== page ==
Method Eases Monopulse System Jamming

Method Eases Monopulse System Jamming

An adaptive monopulse radar technique helps cancel interference from composite mainlobe and/or sidelobe jamming while preserving target angle estimation accuracy. 

Mainlobe jamming can pose problems for radar systems employing conventional adaptive monopulse techniques. Fortunately, relief is available through an approach that combines adaptive principles and convex programming. The technique can minimize the effects of composite mainlobe and/or sidelobe jamming while preserving a monopulse radar system’s capabilities to accurately estimate target angle.

Conventional adaptive monopulse systems can overcome the effects of sidelobe jamming and achieve acceptable output signal to interference and noise ratio (SINR) performance, but mainlobe jamming can be troublesome. While mainlobe jamming exists, both target and jammer signals appear within the system’s mainlobe.

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In a conventional adaptive monopulse radar system, sum and difference beams must be adapted to reject the effects of a jammer. Such adapted sum and difference beams can distort and invalidate the monopulse response curve (MRC). An important part of adaptive monopulse radar design is suppression of mainlobe jamming while preserving undistorted MRC performance.

To suppress mainlobe jamming, a method based on a block matrix and beamforming algorithm has been used1,2 that requires large matrix eigenvalue decomposition, inverse matrix operations, and various other complex operations. Other researchers3-5 have suggested that reconfiguring the original array into subarrays can improve performance, although such a practice can lead to increased computational requirements. Techniques developed for use with linear arrays have assumed unrealistic uncorrelated azimuth and elevation estimates when applied to planar arrays.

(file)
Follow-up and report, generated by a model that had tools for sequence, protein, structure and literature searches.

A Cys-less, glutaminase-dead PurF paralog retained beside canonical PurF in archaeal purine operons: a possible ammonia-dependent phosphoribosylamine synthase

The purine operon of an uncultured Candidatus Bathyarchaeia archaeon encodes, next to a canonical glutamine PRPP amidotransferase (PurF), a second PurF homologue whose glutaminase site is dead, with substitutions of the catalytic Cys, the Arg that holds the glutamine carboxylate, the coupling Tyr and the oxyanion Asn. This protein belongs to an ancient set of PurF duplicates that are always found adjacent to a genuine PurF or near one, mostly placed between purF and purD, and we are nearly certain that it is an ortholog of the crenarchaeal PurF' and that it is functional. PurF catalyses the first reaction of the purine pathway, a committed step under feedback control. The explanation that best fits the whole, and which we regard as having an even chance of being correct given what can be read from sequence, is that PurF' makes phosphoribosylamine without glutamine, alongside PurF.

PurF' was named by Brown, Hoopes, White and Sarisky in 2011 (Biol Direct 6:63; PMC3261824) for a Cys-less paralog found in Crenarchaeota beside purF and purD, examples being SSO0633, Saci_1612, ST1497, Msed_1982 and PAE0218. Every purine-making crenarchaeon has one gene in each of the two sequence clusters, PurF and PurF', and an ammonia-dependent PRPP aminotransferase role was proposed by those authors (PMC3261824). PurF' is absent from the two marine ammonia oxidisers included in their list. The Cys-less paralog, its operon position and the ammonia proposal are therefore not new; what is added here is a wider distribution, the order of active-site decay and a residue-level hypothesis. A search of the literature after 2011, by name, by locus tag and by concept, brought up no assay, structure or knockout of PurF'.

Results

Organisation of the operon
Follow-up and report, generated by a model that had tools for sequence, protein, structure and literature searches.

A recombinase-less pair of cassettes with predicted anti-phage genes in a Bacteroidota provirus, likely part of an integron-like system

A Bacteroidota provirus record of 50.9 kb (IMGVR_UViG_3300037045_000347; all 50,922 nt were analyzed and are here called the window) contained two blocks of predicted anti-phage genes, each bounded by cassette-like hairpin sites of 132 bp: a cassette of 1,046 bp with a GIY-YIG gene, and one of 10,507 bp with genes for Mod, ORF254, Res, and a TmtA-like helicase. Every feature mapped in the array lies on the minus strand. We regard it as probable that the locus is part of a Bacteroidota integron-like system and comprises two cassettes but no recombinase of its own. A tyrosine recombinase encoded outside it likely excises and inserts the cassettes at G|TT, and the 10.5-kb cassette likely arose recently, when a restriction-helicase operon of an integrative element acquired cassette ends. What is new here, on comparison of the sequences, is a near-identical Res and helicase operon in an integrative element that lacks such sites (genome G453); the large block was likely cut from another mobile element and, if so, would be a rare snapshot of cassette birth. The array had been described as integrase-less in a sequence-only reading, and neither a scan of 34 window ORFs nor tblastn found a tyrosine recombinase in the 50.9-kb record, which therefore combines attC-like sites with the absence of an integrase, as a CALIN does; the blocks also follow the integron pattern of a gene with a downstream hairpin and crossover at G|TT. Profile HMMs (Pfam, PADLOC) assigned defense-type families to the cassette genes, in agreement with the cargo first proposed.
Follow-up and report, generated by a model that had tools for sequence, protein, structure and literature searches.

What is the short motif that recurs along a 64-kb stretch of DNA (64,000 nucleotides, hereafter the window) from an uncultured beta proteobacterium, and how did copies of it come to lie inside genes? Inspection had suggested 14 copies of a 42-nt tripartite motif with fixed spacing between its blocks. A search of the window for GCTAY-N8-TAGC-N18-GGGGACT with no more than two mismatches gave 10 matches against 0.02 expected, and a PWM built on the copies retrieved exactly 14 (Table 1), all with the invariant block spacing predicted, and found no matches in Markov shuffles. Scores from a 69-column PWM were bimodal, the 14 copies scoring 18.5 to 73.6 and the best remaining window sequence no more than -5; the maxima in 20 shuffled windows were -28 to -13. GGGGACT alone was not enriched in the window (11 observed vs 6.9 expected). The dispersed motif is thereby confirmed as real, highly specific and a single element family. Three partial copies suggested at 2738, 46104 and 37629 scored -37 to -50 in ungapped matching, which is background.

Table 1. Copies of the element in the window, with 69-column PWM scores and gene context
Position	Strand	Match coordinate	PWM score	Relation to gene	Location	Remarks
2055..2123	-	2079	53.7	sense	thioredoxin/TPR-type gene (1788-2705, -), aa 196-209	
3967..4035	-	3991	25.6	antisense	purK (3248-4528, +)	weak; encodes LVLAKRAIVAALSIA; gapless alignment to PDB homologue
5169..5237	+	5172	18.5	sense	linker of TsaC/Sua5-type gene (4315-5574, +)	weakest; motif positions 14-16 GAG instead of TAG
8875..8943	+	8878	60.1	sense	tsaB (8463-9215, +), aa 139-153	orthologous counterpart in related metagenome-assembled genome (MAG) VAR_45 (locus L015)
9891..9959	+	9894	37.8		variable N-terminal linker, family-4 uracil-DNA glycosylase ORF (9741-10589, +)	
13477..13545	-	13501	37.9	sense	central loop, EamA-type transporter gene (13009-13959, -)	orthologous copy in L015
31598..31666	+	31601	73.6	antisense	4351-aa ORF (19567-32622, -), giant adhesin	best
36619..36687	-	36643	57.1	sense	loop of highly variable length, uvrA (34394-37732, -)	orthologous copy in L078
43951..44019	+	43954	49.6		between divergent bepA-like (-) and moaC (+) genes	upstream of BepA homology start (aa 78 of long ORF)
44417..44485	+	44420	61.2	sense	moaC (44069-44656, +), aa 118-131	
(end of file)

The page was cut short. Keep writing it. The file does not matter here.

A class of adaptive monopulse algorithms based on constraint methods has been proposed previously,6-8 capable of minimizing the effects of sidelobe jammers on monopulse systems while preserving MRC performance. However, these studies have shown poor angle estimation accuracy in the region near the mainlobe jammer angle. In earlier studies,9-11 convex programming was employed in monopulse systems for optimal beam pattern synthesis. Although the approaches obtained acceptable sum and difference beams, they did not address the problems of mainlobe jamming.